Former Prime Minister and VMRO leader Nikola Gruevski condemned the idea put forward by SDSM party leader Zoran Zaev to dramatically cut public sector wages in an attempt to plug the growing hole in the budget. Gruevski reminded the public that he steered Macedonia through various crises but never proposed measures that would cut into wages, retirement incomes, farming subsidies and welfare payments.

On the contrary, in some crisis years we would keep the promise to hike wages, with some months of delay. And we never allowed the prices or the value of the denar to become destabilized. I have no direct insight in the budget and the Central Bank data, other than the publicly available reports, but I believe that cutting the most basic income of the citizens should always be the last option for a country that already has low living standards, Gruevski writes.

He points to other options and ways to redraw the budget, tapping available lending sources and cutting red tape as ways to reduce the budget deficit that is growing because of the coronavirus caused lockdown.

And even if we were forced to make this move, to reduce wages, the proposed cut is way too big. Reducing the public administration to the minimum wage, even for two months, seems to be the advice of someone who sees the economy only through numbers and not through the prism of real lives, and neglects the damage this would do to the consumer spending, which is in freefall as it is, Gruevski adds.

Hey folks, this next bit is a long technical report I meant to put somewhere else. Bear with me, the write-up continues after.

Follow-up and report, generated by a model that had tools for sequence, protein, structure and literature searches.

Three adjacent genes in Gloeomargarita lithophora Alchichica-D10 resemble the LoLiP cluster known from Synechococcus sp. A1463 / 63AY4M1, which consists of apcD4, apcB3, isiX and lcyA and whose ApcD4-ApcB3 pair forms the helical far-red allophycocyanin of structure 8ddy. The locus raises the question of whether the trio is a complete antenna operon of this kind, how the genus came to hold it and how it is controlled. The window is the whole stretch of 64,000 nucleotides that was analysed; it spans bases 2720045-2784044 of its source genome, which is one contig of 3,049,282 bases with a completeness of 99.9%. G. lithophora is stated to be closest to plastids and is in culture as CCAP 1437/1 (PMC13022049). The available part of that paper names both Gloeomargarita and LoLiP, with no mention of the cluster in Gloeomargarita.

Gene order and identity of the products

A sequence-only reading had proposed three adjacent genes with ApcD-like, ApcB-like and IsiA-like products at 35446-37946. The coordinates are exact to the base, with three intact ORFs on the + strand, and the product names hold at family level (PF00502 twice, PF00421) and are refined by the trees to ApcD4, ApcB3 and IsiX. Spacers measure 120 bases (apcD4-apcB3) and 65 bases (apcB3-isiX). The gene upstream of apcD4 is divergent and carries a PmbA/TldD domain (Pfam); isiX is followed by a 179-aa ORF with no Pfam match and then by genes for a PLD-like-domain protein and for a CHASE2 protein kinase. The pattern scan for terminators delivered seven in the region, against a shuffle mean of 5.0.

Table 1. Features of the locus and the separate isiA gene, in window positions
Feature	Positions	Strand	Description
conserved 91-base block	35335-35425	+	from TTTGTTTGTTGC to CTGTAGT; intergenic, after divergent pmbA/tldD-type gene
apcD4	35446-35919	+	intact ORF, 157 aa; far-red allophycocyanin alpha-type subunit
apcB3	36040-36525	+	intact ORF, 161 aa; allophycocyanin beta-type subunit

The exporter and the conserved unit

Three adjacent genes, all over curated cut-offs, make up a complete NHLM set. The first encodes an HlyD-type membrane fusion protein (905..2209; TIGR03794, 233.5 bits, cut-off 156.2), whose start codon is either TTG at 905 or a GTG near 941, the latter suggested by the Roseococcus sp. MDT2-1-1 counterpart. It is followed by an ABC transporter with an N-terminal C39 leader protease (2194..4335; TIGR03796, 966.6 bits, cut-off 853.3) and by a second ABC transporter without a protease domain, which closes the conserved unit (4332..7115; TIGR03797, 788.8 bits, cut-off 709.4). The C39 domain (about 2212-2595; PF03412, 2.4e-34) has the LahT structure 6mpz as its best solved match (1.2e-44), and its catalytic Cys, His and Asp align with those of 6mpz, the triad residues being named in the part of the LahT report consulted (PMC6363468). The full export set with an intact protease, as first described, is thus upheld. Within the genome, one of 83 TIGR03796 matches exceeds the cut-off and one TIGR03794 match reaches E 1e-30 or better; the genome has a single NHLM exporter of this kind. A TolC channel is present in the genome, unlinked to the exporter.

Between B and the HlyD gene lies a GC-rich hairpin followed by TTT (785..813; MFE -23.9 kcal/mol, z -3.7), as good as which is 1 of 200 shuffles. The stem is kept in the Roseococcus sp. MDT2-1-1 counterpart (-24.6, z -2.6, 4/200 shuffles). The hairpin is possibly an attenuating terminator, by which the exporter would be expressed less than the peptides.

Zaev estimated the hole in the budget to over two billion EUR, given that both economic activiity and sales are sharply declining.

In his message through Facebook, Gruevski also congratulated to the whole of Macedonia on the successful completion of its NATO accession process and the promised opening of EU accession talks.

Not so much due to the pandemic, but due to the way in which the final obstacle on that path that was created by some of our neighbors was resolved left us with a bitter taste, and many of our citizens accepted the news with mixed feelings instead of with joy and celebration. But that’s an issue I’ve written about a lot in the past. These good news come at a time when we are rightfully primarily concerned with the lives and health of our citizens, Gruevski says, urging for mass testing for the virus and for urgent steps to avoid a Great Depression style collapse.